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Kosovo Faces Prospect of Running Out of Money Amid Expectations of Zero Economic Growth in 2005


Economic activity is slowing down significantly in Kosovo, as the mainly Albanian-populated southern Serbian territory copes with reduced levels of assistance from Western donor nations.

After growing by more than 3.5 percent last year, Kosovo's economy could actually register a decline in 2005. In its latest projection, the International Monetary Fund says Kosovo's economy will be flat this year and could even decline by .5 percent.

Analysts say this slowdown comes at an awkward time, as the international community is trying to move Kosovo towards a resolution of its unclear international status. Technically, Kosovo is still part of Serbia, even though the local population is demanding full independence. Because its status is still undetermined six years after the United Nations took control, Kosovo's local government is not able to raise money on international money markets or borrow from the IMF. The Monetary Fund's local representative, Marc Auboin, says the IMF is doing all it can to make sure Kosovo does not run out of money.

"So what we're trying to do is, with the remaining money in the bank, help them go through 2005 and 2006, so that at least the macro-economic situation does not stand in the way of the status determination," he said.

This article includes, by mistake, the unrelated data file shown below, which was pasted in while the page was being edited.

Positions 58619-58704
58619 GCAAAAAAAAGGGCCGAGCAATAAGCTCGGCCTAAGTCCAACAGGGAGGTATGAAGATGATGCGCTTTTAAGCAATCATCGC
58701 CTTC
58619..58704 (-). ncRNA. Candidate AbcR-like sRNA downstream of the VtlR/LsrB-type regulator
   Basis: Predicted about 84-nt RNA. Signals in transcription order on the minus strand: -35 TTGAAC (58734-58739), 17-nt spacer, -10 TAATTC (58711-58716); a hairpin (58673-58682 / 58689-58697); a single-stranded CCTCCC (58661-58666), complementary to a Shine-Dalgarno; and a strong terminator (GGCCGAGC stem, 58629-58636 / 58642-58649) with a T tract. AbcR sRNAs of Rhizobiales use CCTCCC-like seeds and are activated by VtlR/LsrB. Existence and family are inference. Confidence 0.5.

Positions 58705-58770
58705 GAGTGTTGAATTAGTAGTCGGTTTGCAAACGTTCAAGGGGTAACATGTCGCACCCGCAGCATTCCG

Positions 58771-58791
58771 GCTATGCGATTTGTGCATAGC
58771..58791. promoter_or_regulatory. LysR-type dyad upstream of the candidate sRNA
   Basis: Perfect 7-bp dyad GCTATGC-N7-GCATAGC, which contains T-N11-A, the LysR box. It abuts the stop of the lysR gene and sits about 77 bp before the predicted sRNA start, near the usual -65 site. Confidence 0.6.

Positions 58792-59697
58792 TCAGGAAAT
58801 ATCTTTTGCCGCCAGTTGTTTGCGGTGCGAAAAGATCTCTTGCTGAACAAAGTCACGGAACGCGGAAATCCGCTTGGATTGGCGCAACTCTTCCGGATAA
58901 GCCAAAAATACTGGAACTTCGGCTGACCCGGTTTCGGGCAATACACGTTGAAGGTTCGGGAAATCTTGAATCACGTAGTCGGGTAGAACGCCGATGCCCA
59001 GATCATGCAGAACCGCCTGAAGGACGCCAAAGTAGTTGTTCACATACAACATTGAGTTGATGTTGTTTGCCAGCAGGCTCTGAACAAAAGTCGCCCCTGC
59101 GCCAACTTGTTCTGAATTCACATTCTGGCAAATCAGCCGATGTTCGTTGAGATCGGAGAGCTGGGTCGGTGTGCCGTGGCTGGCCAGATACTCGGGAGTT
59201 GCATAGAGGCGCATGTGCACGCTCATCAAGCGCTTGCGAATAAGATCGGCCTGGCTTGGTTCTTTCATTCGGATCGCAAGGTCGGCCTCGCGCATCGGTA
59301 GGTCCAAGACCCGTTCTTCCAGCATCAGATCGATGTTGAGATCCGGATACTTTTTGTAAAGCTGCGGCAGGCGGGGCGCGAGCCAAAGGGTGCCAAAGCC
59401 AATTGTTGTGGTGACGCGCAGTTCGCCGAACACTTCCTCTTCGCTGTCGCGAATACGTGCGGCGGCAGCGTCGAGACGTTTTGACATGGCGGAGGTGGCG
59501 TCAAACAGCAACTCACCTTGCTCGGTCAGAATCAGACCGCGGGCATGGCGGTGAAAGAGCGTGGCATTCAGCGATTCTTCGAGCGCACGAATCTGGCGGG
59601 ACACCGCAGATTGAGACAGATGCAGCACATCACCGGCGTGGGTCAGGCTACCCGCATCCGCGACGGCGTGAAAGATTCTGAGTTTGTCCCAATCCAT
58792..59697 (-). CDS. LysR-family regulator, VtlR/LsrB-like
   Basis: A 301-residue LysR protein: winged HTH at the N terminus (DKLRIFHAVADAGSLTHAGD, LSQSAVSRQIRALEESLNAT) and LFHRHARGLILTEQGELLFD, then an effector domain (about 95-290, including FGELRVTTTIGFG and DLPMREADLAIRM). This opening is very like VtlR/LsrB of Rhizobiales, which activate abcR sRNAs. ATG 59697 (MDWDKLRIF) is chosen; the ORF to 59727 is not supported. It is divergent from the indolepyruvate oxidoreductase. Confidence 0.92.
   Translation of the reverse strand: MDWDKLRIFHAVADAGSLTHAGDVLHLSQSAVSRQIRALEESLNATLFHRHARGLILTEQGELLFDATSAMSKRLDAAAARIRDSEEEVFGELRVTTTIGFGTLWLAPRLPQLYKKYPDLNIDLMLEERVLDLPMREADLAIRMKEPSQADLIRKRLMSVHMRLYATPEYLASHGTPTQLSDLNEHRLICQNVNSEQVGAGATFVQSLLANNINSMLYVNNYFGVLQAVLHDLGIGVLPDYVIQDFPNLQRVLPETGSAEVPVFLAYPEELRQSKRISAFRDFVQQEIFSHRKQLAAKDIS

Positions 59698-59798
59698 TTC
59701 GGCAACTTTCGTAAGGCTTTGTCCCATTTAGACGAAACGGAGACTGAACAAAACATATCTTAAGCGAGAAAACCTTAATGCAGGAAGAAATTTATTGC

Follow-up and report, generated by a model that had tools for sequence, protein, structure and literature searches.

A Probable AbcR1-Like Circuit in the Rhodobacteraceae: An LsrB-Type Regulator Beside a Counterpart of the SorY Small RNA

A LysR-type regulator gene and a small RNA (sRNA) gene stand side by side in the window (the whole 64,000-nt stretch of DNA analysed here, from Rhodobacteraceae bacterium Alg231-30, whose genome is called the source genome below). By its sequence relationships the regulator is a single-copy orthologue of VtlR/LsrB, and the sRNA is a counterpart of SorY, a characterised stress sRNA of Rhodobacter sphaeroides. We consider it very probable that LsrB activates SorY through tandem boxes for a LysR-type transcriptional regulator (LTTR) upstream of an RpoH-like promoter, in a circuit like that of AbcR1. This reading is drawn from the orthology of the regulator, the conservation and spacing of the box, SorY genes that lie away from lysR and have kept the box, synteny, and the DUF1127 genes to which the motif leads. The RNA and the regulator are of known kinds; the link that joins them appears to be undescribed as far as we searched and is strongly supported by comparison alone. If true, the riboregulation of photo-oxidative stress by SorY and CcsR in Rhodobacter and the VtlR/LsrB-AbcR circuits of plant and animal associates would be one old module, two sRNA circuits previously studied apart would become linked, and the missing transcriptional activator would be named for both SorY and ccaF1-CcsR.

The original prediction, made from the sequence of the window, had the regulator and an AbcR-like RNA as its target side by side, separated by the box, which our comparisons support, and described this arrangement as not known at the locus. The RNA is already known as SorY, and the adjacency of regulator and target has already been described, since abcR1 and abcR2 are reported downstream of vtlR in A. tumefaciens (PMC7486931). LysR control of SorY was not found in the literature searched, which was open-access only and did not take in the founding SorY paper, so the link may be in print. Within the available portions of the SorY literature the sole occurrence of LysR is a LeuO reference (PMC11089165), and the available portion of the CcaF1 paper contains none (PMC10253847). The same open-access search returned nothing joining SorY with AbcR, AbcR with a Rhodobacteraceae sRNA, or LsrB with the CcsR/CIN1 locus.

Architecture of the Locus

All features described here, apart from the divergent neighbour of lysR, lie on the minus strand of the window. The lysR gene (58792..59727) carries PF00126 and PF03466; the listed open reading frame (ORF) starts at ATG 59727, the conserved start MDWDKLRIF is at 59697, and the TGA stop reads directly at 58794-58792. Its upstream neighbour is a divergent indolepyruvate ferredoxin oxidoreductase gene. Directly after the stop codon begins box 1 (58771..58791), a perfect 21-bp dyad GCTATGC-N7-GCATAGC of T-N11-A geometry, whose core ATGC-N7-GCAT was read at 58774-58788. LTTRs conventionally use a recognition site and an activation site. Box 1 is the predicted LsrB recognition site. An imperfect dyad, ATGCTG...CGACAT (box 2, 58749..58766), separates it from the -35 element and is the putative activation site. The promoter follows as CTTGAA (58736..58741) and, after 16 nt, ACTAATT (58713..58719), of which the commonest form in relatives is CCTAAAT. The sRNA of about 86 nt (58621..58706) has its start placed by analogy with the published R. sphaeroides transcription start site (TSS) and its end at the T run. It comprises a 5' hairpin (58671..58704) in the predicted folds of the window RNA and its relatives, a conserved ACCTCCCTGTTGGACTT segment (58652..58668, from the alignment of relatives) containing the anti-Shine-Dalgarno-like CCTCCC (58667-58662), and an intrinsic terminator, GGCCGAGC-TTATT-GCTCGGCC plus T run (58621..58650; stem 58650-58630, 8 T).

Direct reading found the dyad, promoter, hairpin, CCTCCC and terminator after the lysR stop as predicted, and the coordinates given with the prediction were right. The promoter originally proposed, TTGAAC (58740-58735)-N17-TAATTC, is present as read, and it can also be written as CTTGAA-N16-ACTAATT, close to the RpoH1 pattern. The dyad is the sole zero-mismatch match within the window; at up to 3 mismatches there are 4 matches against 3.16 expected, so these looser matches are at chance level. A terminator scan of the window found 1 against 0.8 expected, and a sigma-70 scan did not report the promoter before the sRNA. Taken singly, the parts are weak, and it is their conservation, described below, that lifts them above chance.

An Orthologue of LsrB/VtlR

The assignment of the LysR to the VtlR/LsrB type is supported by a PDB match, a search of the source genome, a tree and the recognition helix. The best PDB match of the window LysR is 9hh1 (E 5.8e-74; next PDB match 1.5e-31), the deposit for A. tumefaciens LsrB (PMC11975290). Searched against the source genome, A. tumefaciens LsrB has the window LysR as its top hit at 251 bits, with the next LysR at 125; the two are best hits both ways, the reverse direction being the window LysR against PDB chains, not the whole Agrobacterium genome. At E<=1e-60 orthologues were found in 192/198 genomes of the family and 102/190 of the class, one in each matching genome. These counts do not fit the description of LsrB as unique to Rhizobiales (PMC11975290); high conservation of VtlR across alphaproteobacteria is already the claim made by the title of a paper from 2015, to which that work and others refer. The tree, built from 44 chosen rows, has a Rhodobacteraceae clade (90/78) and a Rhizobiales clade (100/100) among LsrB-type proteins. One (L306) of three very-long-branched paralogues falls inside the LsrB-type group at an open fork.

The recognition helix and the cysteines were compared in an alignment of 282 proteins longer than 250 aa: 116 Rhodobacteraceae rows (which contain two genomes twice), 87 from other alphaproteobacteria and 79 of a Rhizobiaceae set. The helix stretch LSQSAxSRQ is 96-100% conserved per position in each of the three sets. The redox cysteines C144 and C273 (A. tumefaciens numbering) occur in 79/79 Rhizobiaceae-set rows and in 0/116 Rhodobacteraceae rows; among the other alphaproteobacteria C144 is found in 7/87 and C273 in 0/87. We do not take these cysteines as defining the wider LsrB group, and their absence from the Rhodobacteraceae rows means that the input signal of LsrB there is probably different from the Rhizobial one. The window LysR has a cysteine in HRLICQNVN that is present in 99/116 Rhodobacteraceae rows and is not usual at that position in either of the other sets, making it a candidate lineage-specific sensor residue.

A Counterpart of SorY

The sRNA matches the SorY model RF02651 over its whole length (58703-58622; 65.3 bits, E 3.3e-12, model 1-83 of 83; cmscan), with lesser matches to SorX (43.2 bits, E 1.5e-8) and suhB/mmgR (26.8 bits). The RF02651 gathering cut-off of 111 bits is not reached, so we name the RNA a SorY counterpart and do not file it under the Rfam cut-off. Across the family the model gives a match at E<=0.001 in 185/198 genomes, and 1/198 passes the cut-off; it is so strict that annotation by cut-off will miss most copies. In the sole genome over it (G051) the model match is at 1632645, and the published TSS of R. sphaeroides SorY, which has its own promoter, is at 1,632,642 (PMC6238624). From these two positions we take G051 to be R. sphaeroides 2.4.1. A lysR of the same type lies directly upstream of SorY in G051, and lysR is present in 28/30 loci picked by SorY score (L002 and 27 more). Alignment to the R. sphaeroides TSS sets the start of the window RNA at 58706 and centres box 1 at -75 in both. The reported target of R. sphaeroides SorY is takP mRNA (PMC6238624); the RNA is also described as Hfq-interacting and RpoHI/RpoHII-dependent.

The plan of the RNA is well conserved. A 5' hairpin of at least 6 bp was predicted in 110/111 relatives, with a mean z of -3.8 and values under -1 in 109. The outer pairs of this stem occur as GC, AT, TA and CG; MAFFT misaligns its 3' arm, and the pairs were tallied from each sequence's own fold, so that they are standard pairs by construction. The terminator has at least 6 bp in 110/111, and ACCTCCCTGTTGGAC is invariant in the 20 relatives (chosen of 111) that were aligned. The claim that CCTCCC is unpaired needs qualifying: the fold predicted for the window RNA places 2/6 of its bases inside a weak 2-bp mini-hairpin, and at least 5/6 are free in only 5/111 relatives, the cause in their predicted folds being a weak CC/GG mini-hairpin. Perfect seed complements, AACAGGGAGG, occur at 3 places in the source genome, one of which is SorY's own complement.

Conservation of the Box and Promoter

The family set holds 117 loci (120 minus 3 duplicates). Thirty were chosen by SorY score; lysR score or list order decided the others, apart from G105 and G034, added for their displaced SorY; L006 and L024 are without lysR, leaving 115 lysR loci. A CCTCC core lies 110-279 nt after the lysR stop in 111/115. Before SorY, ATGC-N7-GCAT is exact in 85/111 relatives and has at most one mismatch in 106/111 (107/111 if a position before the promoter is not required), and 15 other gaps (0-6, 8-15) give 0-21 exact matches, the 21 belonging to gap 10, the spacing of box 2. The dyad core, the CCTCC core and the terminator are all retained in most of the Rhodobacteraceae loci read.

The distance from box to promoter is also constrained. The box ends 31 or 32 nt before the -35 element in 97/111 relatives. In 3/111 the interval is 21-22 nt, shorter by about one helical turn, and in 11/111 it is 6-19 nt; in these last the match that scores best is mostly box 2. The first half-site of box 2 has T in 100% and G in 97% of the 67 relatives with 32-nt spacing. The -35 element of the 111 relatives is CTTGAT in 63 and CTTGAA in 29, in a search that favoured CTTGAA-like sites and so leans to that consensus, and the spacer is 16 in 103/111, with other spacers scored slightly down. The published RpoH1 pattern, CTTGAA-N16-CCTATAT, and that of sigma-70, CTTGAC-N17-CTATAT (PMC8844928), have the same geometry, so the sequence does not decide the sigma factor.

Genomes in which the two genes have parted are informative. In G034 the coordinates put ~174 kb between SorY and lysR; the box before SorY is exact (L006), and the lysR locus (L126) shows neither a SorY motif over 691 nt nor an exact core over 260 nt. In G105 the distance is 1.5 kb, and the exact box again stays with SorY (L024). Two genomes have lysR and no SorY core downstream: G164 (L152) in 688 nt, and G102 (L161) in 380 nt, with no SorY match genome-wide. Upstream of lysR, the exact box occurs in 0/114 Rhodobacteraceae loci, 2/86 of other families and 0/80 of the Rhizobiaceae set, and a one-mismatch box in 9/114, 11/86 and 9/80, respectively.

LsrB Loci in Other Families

The United Nations is expected to begin final status negotiations, later this year. Budget surpluses from the earlier in the decade created an accumulated 300 million euro surplus in Kosovo. But the government budget is now in deficit and half of the surplus is gone. Kosovo uses the euro as its domestic currency. The IMF is urging the government to cut back spending so that the government deficit will be eliminated.

Kosovo was always the poorest part of the former Yugoslavia. There was rapid economic growth when donor assistance was pouring into Kosovo, earlier in this decade. But those donations have fallen by half. Mr. Auboin says the cutback in assistance has boosted unemployment.

"[It is] About 30 percent and slightly increasing at the moment because of the flatness in the economy. And, because we have the youngest population in Europe here, massive arrivals in the labor force every year. So this year the economy will not be able to absorb all of the incoming people," said Mr. Auboin.

Some private sector economists say the unemployment rate is closer to 50 percent.

Some experts say the looming cash crisis in Kosovo is likely to be avoided by western donors stepping forward with emergency assistance.

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